Image credits: Danial Igdery
/
News Article

Post-Pandemic Nearshoring Could Benefit Mexican Workers

By Cinthya Alaniz Salazar | Thu, 10/21/2021 - 15:40

US citizens are leaving the workforce in droves, now totaling 4.3 million as of August, reports the US Bureau of Labor Statistics. As companies struggle to fill these positions, highly impacted sectors like tech may begin to recourse to nearshoring, representing an opportunity for Mexican talent. 

The move would not be unprecedented, when the COVID-19 pandemic compelled the global economy to accelerate and shorten digitalization efforts from years to months, US companies referred to highly qualified Mexican talent that offered them competitive labor costs and logistical advantages. Quantitatively, demand from US tech giants drove a 1,000 percent increase in demand for IT profiles from 2019 to 2020 according to EmpleosTI, a job search site specializing in ICT.

Almost two years later, on top of a preexisting deficit of qualified talent at home, US Tech companies are now faced with dramatic turnover rates, which increased by 4.5 percent according to the Harvard Business Review. This sharp increase may be consequence of an increased workload needed to keep pace with the digitalization push demanded by the pandemic, which in the end burned them out.

However, for an industry sector that is projected to grow an additional 13 percent from 2020 to 2030 (equivalent to an additional 667,600 jobs according to US BLS), this observed phenomenon will prove to be a challenge. Furthermore, this demand is bound to be compounded by Mexico’s own economy, which observed 76 percent of companies increase their strategic focus and digital investment. Meanwhile, almost 90 percent of companies still need to undergo an important business and technological transformation, according to an evaluation report authored by Schneider Electric and Oxford Business Group (OBG).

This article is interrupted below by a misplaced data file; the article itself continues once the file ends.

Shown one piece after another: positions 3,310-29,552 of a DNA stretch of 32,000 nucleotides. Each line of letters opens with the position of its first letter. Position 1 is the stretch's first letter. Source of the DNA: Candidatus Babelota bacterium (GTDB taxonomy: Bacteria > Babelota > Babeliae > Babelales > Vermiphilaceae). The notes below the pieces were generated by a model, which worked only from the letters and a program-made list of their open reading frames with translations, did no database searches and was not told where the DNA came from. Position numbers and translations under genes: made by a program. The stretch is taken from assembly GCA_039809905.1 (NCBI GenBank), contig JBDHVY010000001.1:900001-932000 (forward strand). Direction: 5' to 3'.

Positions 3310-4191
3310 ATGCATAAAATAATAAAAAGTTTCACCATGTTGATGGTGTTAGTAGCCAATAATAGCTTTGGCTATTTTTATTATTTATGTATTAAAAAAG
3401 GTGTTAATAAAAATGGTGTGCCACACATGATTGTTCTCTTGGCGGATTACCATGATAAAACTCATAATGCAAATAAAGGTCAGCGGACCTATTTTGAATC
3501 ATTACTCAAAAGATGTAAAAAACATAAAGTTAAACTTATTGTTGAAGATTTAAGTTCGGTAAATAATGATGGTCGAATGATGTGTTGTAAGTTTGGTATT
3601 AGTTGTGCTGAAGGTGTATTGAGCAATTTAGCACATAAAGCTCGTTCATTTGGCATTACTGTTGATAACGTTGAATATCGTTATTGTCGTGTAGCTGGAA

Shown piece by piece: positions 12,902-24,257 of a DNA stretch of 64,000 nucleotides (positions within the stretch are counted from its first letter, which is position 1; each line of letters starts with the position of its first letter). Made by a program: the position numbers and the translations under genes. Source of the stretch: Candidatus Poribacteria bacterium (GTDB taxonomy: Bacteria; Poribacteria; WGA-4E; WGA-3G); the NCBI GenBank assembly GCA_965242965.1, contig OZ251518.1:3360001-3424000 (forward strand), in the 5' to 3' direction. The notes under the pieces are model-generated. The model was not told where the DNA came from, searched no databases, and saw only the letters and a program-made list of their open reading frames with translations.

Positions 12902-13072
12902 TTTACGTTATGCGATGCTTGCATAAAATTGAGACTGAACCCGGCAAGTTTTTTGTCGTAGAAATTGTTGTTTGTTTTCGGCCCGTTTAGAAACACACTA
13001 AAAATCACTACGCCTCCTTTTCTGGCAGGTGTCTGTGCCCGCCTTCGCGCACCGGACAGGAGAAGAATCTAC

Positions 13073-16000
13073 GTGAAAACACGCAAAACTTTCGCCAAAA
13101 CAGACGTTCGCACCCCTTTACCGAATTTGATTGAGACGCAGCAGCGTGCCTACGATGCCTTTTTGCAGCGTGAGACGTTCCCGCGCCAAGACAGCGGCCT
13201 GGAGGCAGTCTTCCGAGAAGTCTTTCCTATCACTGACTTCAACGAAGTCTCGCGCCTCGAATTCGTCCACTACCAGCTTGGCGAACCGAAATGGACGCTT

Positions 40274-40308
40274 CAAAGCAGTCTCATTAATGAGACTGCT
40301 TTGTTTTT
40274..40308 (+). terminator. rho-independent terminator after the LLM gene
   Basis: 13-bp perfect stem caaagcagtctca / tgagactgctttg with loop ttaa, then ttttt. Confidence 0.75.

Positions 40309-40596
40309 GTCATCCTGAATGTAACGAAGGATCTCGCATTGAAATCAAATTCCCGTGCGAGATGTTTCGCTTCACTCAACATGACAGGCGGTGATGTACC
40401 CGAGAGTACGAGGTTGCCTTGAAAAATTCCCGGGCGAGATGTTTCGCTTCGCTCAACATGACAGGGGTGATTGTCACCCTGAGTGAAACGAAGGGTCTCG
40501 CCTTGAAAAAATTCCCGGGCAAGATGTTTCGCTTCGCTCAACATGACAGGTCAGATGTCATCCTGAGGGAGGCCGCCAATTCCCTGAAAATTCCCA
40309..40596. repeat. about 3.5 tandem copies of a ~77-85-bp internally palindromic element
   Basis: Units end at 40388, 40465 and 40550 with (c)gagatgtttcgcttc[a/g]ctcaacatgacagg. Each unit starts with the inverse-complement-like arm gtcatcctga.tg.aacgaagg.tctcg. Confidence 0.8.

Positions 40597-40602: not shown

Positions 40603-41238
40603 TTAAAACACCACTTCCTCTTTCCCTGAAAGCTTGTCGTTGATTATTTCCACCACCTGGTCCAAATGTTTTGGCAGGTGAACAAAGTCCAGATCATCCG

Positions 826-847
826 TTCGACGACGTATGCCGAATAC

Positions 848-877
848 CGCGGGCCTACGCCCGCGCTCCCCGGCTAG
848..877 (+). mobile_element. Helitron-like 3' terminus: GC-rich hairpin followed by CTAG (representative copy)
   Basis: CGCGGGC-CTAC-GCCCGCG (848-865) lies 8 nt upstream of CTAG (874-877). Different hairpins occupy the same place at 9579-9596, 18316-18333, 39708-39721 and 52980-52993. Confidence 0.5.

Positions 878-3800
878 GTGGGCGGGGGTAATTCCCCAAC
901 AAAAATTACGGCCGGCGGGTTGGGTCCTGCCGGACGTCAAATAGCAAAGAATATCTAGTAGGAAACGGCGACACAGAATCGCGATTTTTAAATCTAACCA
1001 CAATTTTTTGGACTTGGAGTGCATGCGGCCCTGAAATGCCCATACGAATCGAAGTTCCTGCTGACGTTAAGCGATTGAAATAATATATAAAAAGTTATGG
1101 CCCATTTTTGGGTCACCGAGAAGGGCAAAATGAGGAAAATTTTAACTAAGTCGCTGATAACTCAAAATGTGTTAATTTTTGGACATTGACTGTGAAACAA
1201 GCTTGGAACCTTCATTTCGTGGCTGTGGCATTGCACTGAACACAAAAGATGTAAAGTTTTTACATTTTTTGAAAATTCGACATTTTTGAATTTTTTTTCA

Since Mexican citizens have not been able to rely on any federal assistance, US tech companies will find an eager talent pool. However, now that Mexico has recognized the value of digital tools and accessibility, US companies should anticipate costs to increase as they begin to compete for talent. At least in the medium-run, Mexican talent stands to benefit from growing demand, which they will continue to enjoy until the US market is able to produce more talent.  

The data used in this article was sourced from:  
US BLS, Harvard Business Review, Empleos IT, Schneider Electric and Oxford Business Group,
Photo by:   Danial Igdery
Cinthya Alaniz Salazar Cinthya Alaniz Salazar Journalist & Industry Analyst